I amto On August 23, 1991, in Lubyanka Square in Moscow, one of the most symbolic acts of the August Revolution took place, which began with the failed communist coup and then led to a series of twists, turns, and dramatic events. The coup lasted a few days, with Gorbachev being arrested in the Crimea, tanks on the Kutuzovsky Prospekt, the state of siege, and Boris Yeltsin’s call from a tank tower for the Muscovites to take to the streets in defense of Parliament, the crowd in the street, the barricades, the killing of three young protesters. Then the turning point, the return of Gorbachev’s hero only one night, his humiliation in front of the Russian Parliament, the victory of Corfu Bianco Yeltsin, the end of the Communist Party, the Soviet Communist Party, a prelude to the suffering that in just four months would bring in December to the end of the Soviet Union.
But that evening, in the always established clearing with the headquarters of the KGB, the unimaginable happened: We saw the gigantic statue of Felix Dzerzhinskij, the founder of Cheka, the first USSR secret police and the pioneer of the KGB.It was removed from the pedestal in the center of the square, to applause from a crowd of more than 20,000 people. It weighed 11 tons, and it took hours to tear it down, tying it to steel cables pulled from a truck. The “Iron Felix” simulation, as it was known in the myth of the October Revolution for not only corrupt but also cruel, was moved to a park with other statues of communist gods.
It’s been 30 years. But Dzerzhinsky could return to his place, in the heart of the Russian capitalIn the center of the square where everything has changed except for one thing: the headquarters of the Russian intelligence service, now renamed FSB, is still in the dominant building that controls the vastness.
From yesterday until March 5, in fact, Muscovites can vote online on the municipality’s proposal to take a fresh look at Lubyanka Square. Among the many projects presented, including the fountain project as in the time of the Tsar, when the palace was the headquarters of a large insurance companyIt is a statue that has been approved by the municipal authorities.
Yes, but a statue of whom? There are two names at stake. In fact, Dzerzhinsky was launched in December by the “Russia Officers” organization surrounded by many different bloggers and writers. But Uncle Felix, the ruthless proletarian Jacobin of Lenin, has to contend with a formidable rival: the other name is really nothing less than Alexander Nevsky, Prince of Novgorod and Vladimir, the hero who defended Russia against the Swedish invaders and Teutonic knights in the thirteenth century. Nevsky was voted “the greatest Russian of all time” even before the great poet Alexander Pushkin.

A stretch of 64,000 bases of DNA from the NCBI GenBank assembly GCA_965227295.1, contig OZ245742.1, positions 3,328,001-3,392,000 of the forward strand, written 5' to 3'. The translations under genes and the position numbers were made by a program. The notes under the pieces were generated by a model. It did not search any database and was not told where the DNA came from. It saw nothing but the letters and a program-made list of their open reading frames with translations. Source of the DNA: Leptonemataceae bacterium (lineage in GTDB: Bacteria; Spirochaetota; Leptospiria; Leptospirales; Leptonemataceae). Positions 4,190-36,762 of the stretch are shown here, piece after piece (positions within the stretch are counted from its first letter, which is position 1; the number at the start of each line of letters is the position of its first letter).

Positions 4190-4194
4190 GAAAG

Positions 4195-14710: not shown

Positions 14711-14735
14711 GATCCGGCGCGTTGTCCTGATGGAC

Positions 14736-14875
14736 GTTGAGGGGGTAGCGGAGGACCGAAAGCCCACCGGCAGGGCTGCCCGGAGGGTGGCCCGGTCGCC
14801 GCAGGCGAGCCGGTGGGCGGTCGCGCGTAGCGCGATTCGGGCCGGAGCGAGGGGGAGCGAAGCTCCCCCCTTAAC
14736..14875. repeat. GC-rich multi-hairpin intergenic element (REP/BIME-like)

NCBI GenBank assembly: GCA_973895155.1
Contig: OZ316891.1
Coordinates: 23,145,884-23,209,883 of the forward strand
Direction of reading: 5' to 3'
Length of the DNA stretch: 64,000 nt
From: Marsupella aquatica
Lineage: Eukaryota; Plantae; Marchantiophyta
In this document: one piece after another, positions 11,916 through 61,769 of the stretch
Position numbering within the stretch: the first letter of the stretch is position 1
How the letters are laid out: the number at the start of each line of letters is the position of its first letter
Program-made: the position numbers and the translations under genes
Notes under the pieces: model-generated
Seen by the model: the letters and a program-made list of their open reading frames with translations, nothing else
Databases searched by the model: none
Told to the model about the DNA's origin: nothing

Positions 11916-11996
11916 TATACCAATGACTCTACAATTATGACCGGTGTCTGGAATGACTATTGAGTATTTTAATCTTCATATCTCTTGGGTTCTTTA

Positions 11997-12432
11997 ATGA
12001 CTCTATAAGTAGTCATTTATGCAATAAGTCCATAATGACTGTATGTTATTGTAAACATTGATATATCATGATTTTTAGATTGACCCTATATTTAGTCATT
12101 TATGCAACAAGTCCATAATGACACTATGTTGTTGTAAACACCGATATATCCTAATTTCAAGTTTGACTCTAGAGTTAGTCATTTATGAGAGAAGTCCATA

The debate is raging and it is not just a matter of taste. At stake is what historical memory Russia’s capital Putin wants to reconnect with. The Orthodox Church, one of the pillars of the system, had no doubt: “Propaganda for Dzerzhinsky means historical amnesia,” said the second man in the Patriarchate, Bishop Savva Totunov. s.Bringing one of the most brutal figures of the Soviet era into the fashion world would be a slap in the face to the new liberal generations.
But the Kremlin remains silent, saying it is the prerogative of the Moscow authorities. Although it is known that Vladimir Putin admires Prince Nevsky, whose 800th anniversary was celebrated in 2020. Putin forced it to be postponed due to the pandemic by decree ordering celebrations for this year. But his predecessor at the head of the Secret Service could spoil the party. When asked whether the return of the Dzerzhinsky statue was a national issue, the Kremlin spokesman replied that it was “a provocative matter.”
February 25, 2021 (Change to February 25, 2021 | 21:20)
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